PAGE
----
Objective: To describe maternal mortality among women with sickle-cell disease in France.
Study design: Data from the national confidential enquiry into maternal deaths and from reference centres for sickle-cell disease were examined to identify women with this disease who died in France during 1996-2009. The maternal mortality ratio among women with sickle-cell disease was estimated and compared with the ratio in the general population. Characteristics of these women and their pregnancies and circumstances of their deaths were examined in detail.
Results: Fifteen maternal deaths occurred among an estimated 3300 live births to women with sickle-cell disease, for a maternal mortality ratio of 454 per 100000 live births (95% CI [254; 750]), versus 9.4/100000 in the general population. Ten women were homozygous (SS) for sickle-cell disease, and five were composite heterozygotes. The episode leading to death appeared in the antepartum period for seven women (47%). Two women died of septic shock during pregnancy, one at 6 weeks, the other at 24 weeks. The other 13 women (87%) died postpartum. Thirteen deaths were directly attributable to sickle-cell disease. The other two maternal deaths, both considered direct obstetric causes, were due to amniotic fluid embolism and septic shock after post-amniocentesis chorioamnionitis. The expert committee on maternal mortality judged seven of these 15 deaths (47%) to be avoidable.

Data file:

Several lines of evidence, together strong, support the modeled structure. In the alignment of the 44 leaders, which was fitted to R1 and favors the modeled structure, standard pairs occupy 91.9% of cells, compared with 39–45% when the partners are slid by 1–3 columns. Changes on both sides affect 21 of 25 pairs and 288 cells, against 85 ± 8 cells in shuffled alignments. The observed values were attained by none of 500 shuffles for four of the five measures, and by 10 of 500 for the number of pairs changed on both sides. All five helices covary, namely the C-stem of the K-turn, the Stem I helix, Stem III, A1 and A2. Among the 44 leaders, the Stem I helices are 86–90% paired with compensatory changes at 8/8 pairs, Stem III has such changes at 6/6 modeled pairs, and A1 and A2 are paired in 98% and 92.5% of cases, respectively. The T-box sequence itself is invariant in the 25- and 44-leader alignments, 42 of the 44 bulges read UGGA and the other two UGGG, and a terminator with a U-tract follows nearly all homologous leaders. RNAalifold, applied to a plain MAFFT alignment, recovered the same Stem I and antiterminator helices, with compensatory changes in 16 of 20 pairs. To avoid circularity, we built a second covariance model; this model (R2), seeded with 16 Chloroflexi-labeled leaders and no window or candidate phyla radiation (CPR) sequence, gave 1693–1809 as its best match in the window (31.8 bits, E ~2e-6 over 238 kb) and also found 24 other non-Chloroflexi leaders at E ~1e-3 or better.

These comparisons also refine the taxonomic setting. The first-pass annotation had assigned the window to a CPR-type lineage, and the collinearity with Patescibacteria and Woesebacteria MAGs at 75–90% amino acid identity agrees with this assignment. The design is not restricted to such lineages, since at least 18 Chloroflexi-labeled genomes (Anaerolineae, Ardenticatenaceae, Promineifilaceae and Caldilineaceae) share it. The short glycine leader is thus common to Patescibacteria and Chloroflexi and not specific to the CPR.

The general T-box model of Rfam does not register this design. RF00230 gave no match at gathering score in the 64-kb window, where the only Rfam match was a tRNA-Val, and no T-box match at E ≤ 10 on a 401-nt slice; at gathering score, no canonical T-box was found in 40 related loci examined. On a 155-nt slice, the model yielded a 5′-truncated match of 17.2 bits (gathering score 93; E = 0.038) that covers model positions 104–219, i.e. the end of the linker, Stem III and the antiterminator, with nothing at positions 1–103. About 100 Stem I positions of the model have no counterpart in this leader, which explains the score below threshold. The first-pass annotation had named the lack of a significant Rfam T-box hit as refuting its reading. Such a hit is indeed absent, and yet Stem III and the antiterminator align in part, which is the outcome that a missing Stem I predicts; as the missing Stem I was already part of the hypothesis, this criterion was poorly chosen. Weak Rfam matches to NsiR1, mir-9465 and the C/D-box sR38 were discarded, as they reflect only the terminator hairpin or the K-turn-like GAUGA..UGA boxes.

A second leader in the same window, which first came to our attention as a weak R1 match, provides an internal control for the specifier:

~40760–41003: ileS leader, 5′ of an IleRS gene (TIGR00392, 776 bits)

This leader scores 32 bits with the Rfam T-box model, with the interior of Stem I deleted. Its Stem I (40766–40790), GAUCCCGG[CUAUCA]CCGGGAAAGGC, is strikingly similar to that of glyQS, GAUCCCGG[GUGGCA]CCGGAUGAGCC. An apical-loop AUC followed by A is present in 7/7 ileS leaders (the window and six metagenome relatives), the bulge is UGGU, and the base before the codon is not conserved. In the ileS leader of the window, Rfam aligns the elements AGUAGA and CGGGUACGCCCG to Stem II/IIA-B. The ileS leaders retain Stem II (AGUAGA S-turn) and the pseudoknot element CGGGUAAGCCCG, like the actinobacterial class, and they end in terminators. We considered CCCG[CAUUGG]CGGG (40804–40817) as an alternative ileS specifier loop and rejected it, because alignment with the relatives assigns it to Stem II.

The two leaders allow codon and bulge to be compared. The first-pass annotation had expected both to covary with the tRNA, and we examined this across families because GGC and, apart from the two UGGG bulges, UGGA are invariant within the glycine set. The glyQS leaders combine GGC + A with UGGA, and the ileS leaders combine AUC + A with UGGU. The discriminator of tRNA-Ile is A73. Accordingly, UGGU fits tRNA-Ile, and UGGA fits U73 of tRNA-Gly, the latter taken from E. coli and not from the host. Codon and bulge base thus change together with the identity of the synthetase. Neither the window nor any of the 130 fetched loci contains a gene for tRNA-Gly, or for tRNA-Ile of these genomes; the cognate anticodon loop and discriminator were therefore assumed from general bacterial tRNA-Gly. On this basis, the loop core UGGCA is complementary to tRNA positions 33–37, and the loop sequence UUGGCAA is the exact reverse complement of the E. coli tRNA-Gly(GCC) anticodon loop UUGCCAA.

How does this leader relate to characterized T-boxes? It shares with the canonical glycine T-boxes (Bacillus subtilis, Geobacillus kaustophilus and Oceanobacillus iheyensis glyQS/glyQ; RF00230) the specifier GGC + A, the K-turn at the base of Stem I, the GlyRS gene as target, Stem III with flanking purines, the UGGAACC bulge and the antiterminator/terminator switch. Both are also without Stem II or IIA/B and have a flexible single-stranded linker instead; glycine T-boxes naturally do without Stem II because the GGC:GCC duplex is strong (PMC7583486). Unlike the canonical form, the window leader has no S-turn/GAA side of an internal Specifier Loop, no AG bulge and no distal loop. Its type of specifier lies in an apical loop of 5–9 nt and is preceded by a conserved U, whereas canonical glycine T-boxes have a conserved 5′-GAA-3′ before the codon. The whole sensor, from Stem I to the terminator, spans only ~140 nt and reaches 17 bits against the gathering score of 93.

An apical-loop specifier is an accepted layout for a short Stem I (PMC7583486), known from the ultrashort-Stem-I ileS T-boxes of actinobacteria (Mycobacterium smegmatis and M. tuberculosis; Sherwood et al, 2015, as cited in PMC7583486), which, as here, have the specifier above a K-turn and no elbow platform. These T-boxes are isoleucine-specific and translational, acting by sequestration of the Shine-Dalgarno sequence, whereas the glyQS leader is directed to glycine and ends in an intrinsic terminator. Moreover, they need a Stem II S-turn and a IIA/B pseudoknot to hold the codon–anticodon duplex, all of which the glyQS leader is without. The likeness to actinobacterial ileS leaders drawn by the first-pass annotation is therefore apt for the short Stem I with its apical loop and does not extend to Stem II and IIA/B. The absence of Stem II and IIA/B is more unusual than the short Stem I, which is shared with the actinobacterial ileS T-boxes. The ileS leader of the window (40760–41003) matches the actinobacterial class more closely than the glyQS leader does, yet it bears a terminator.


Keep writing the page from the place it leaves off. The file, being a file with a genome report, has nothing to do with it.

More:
Conclusion: Sickle-cell disease is responsible for a major excess risk of maternal death in France, due mainly to direct complications of the disease.
Keywords: Confidential enquiry into maternal deaths; Maternal mortality; Sickle-cell disease.
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